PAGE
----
My Supplier Keeps Going Missing, Even When We Have Orders In Progress! It can be very frustrating when a Chinese supplier isn’t responding to your messages when you have an order that you’ve already paid for in production, have urgent issues to discuss, or simply want to place an additional order.

Unfortunately, this isn’t unusual and in this post, you’ll see an example of this scenario and some guidance on the next steps you could take to improve the situation.

 

Question

We’ve ordered around US$8,000 of parts and plan to order an additional $2,000 making a total of $10k, however, our contact at our supplier has disappeared for over a week (supposedly they’re on a course).

In addition, a recent order was not the quality we expected and we also want to discuss changing them and re-ordering at a higher quality level. We have already agreed to pay for the re-order to be made, too.

But since our contact has disappeared we’re in the dark about our current order that’s supposedly in production now, can’t increase the order, and can’t place the re-order for the poor quality parts. This means we’re delayed and don’t know when we’ll get products onto the market which is damaging for our business.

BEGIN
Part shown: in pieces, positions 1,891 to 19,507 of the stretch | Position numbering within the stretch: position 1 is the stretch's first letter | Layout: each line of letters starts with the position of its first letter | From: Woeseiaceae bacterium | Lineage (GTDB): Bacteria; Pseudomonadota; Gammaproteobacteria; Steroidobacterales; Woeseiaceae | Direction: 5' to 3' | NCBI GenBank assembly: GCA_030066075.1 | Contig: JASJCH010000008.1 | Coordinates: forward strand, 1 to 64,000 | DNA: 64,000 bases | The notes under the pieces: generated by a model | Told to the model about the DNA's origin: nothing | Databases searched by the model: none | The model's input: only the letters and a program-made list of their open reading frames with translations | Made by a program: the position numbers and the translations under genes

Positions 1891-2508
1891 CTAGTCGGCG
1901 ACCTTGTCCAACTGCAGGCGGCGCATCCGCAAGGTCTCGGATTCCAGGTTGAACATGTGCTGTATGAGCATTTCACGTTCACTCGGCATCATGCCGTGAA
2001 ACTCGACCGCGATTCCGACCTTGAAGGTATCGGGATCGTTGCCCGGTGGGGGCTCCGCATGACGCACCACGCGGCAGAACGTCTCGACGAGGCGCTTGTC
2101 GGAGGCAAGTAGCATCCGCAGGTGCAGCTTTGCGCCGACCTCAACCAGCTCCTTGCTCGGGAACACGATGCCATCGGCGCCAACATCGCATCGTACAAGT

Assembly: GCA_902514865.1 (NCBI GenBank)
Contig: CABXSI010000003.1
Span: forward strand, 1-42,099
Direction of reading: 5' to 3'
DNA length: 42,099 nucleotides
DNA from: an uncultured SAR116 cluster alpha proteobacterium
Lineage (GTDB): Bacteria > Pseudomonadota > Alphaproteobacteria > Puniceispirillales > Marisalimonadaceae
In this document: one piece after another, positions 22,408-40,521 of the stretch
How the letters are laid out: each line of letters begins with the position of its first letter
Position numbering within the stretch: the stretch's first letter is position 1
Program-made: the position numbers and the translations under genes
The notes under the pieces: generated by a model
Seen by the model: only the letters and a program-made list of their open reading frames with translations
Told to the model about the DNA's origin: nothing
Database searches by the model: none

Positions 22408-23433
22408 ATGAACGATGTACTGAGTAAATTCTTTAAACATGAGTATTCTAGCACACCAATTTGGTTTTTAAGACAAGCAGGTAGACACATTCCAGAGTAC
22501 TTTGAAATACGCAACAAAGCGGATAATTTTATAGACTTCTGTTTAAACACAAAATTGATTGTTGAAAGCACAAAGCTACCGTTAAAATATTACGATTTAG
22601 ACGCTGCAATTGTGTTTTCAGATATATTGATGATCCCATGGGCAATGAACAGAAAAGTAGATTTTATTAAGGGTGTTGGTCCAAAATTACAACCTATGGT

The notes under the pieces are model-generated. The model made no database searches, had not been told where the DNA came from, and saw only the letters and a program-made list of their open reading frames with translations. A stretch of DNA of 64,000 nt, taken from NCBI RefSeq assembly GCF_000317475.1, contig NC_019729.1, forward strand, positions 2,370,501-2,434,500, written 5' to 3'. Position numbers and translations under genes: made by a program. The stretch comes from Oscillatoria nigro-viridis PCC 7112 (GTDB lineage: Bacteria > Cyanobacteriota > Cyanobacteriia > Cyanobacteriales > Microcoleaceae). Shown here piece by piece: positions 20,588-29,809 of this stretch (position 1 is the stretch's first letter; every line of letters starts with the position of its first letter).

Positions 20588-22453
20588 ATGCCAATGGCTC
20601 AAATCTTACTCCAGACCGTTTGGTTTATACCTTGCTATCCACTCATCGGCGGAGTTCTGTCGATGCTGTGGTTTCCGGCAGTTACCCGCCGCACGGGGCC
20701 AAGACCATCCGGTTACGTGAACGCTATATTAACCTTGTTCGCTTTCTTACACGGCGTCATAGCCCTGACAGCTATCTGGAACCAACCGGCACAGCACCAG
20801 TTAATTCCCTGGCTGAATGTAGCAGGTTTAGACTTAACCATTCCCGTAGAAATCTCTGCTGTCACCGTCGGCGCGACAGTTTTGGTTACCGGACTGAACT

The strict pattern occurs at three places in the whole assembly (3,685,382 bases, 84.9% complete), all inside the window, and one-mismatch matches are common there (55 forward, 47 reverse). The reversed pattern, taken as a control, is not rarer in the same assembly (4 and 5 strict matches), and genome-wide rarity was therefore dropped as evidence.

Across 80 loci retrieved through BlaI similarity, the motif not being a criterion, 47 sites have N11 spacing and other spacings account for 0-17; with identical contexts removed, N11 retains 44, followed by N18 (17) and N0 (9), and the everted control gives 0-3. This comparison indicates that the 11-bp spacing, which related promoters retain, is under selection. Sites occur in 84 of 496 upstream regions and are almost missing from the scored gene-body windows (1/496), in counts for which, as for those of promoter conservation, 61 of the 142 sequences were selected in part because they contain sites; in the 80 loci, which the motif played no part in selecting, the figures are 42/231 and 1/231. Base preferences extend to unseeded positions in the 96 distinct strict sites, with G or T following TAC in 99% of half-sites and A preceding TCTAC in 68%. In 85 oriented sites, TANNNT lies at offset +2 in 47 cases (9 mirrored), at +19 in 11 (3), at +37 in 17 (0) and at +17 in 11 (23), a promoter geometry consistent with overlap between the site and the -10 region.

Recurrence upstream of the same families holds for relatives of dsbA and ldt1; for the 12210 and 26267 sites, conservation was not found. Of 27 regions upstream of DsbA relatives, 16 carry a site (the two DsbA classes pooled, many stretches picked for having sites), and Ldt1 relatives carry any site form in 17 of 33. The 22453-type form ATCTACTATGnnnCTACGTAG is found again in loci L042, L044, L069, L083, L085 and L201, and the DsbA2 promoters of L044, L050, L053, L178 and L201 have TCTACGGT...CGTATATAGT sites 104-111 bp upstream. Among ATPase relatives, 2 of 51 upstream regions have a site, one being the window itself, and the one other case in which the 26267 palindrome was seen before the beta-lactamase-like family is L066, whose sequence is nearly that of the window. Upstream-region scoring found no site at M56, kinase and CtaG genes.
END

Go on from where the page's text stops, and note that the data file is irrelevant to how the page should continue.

Does the supplier not care about our business or getting new orders?

 

Answer

Unfortunately, orders below 10,000 USD are usually considered small orders by Chinese suppliers and you are probably considered as a ‘small client’ by them. In some cases, it means they get to your orders after they have finished following up on other orders (from their higher-priority clients).

That’s the sad reality.

Remember, most salespeople in Chinese factories get most of their income from commissions (X% on the volume of business they follow). It absolutely drives their behavior!

That’s even more evident if you request some adjustment to samples they sent to you. They might see you as a “difficult customer” who’s not very easy to please. The key people (the engineers who put your samples together, the manager who has to allocate capacity, etc…) may categorize you in the “low priority” bucket. Sad, but also typical.

They may tell you they appreciate your business and be very positive when talking to you. And that might be true.

The salesperson who spoke to you wants your business as it means more commission for them. But he/she might have trouble getting the right attention from the “key people” I mentioned above. Those “key people” like production engineers often can’t speak English, so you won’t see them on a Zoom call and may never encounter them at all.

 

Suggestions on how to improve the situation

  • You need to have “deeper” communication with your salesperson. If possible, schedule some weekly calls, even if it’s just 10 min. Try to understand the real situation.
  • If you feel you might go nowhere with this supplier, look for another one. Now. It probably won’t get better later. This eBook we created about switching to a new Chinese supplier will help you get started.
  • When you look for a new supplier, try to find one that is not very large, otherwise, your orders will again be seen as very small. This is about finding the ‘right fit’ as a supplier, and we discussed this in more detail in this episode of our podcast: DIY Sourcing From China Part 1: Good Fit, Sourcing, Vetting, & Backups [Podcast]

 

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